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Political or Apolitical: The 2008 Beijing Olympics

China has alleged that international human rights groups are politicizing the Olympics by pressing China to cease human rights abuses. The International Olympics Committee reiterates the Games is all about sports, not politics. A review of the regulations and practices that China has adopted in preparation for the Olympics, however, shows that China is treating the event as the most important political milestone since it came to power in 1949.

This February, Hollywood director Steven Spielberg withdrew as an artistic advisor to the Beijing Olympics due to China’s position on Darfur. China’s official Olympics organization has denounced the move as politically motivated.

The Dalai Lama issued a statement on March 10, 2008, criticizing China for the arrests of Tibetan monks in violation of human rights along with the lack of freedom of speech and religion in Tibet. The Chinese Ministry of Foreign Affairs is claiming that the Dalai Lama is attempting to politicize the Beijing Olympic Games.

Beijing’s Olympic organizing committee has repeatedly stated that any behavior that politicizes the Olympics violates the tenets of the Olympics.

Observing the regulations and practices that China has adopted in preparation for the Olympics, however, it is apparent that China is treating the event as the most important political milestone since 1949, the year the Chinese Communist Party came into power.

China views the Beijing Olympics as a major vehicle to showcase and affirm its legitimacy and progress. In light of increasing social unrest and human rights movements, policies and regulations have been issued and implemented to stifle any public expressions of dissent.

The Olympic Blacklist

China has drawn a line based on political opinion and religious affiliation to exclude anyone that China regards as “hostile,” formerly termed “class enemies.”

In April 2007 the Ministry of Public Security issued a general, nationwide order, requiring tight screening of all persons both in China and overseas that intend to participate in the Olympic Games. These include members of the Olympic Committee, athletes, media personnel, and sponsors. With this, they also provide a list of 43 types of people in 11 categories to be barred from attending the Olympic Games, such as “hostile” elements, Falun Gong, religious groups, activists for ethnic independence, media, and non-governmental organizations that are deemed harmful to the Beijing Olympics.  Specifically included in the blacklist are “dangerous elements, key petitioners and other people who have serious grievances against the Party.” [1] {mospagebreak}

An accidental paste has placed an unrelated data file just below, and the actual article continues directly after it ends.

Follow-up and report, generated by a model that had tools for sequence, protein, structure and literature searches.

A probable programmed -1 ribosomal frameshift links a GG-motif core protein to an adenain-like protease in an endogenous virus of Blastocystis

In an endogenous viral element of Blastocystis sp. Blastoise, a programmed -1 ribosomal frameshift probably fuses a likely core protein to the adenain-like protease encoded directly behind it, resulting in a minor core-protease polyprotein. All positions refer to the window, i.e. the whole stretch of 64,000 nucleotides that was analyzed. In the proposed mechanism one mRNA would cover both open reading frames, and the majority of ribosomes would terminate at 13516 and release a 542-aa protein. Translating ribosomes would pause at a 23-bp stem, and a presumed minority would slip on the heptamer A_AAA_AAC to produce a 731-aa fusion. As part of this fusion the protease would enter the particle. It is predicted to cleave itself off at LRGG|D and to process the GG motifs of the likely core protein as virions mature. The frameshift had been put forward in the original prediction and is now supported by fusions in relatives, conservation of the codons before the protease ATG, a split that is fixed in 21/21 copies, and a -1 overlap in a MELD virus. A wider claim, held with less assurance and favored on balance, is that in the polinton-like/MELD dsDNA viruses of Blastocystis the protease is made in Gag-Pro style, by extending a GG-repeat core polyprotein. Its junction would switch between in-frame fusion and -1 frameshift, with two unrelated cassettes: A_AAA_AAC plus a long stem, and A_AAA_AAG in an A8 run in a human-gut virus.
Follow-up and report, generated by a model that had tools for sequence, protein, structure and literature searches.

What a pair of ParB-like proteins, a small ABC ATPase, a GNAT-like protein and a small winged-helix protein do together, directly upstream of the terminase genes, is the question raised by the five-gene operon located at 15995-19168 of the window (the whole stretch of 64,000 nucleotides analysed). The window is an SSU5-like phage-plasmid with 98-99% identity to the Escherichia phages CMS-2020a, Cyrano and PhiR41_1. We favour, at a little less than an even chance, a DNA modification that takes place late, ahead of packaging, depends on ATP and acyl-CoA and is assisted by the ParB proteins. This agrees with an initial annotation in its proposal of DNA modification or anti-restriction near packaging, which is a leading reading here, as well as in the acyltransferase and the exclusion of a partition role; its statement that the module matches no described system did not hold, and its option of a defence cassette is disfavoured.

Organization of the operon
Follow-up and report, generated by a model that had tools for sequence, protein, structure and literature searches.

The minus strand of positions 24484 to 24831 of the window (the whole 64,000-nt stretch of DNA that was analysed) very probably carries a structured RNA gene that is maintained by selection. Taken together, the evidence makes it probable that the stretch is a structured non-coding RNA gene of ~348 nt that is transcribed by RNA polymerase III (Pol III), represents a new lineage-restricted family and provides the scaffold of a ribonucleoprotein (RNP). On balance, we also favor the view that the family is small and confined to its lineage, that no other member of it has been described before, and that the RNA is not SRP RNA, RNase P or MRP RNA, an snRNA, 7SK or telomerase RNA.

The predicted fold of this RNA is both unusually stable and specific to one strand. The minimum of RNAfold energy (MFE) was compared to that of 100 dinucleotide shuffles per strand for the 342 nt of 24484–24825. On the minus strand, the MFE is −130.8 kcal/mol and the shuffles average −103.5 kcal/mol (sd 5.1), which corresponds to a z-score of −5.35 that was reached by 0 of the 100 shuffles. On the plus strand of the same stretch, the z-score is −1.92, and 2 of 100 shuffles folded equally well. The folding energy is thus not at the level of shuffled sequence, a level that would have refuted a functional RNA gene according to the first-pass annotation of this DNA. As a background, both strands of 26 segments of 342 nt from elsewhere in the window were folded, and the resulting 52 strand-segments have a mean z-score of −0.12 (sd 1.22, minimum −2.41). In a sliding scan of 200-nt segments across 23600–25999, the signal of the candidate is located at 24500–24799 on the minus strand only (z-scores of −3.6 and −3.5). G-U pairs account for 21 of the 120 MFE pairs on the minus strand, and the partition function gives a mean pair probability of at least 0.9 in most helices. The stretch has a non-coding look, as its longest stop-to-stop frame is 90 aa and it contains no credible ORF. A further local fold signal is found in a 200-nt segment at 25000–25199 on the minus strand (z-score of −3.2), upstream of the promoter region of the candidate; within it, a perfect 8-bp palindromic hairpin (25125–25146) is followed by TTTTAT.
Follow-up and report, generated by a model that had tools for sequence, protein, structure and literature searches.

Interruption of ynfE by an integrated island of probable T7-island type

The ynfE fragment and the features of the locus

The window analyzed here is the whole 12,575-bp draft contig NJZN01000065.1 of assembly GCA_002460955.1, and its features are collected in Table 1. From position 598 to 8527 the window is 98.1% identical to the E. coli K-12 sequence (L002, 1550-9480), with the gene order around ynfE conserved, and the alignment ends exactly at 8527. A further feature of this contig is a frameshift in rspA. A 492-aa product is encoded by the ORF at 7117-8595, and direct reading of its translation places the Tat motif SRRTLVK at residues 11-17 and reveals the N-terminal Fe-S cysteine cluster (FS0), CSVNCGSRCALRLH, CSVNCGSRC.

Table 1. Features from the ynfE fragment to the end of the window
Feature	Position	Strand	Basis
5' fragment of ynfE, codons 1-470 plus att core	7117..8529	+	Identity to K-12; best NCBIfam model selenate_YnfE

Chinese police authorities have been conducting background checks on those who have applied to purchase tickets for the opening and closing ceremonies. Beijing is worried that pro-Tibetan independence activists, activists for Xinjiang independence, and Falun Gong might mingle with the audience. Local neighborhood committees must verify IDs and personal information submitted by the applicants. Once purchased, the Beijing Organizing Committee for the Games of the XXIX Olympiad (BOCOG) must approve in writing the transfer of tickets for the opening or closing ceremony. [2]
Olympics Used as Means to Reward and Discriminate

During the recruitment of bus drivers to serve the dignitaries of the Olympics in Beijing, applicants that are Communist Party members and Communist Youth League members are preferred, while those who have been involved with Falun Gong and other banned religious groups will be excluded. The “610 Office” of the company “will conduct background investigations to determine if the volunteering driver applicants have been involved with Falun Gong and other ‘cult’ organizations, and make written recommendations.” [3]

The Public Security Bureau of the Civil Aviation Administration of China (CAAC) issued an official notice on personnel security clearances and passes for restricted areas.  The notice mandates the background investigation of all personnel that hold special passes or passes for restricted areas. The investigation covers CAAC personnel, spouses, parents, in-laws, and children 18 years of age or older. The scope of the questions includes criminal records, behaviors during the “Great Cultural Revolution,” behaviors during the June 4th Tiananman student movement, if the person practices Falun Gong or not, and whether the person has relatives overseas. The forms filled in by spouses and other relatives must be reviewed and certified by local police stations. [4]

Political Apparatus at Full Steam

Control of Beijing Migrant Population

The resident population of Beijing is up to 16.33 million, with another 5.4 million migrants. In addition to migrant workers, another, more visible group of migrants are those who come to petition the government for redress of grievances suffered as a result of government abuses—“petitioners.” Tens of thousands show up at major public activities where they can attract media attention to their plight.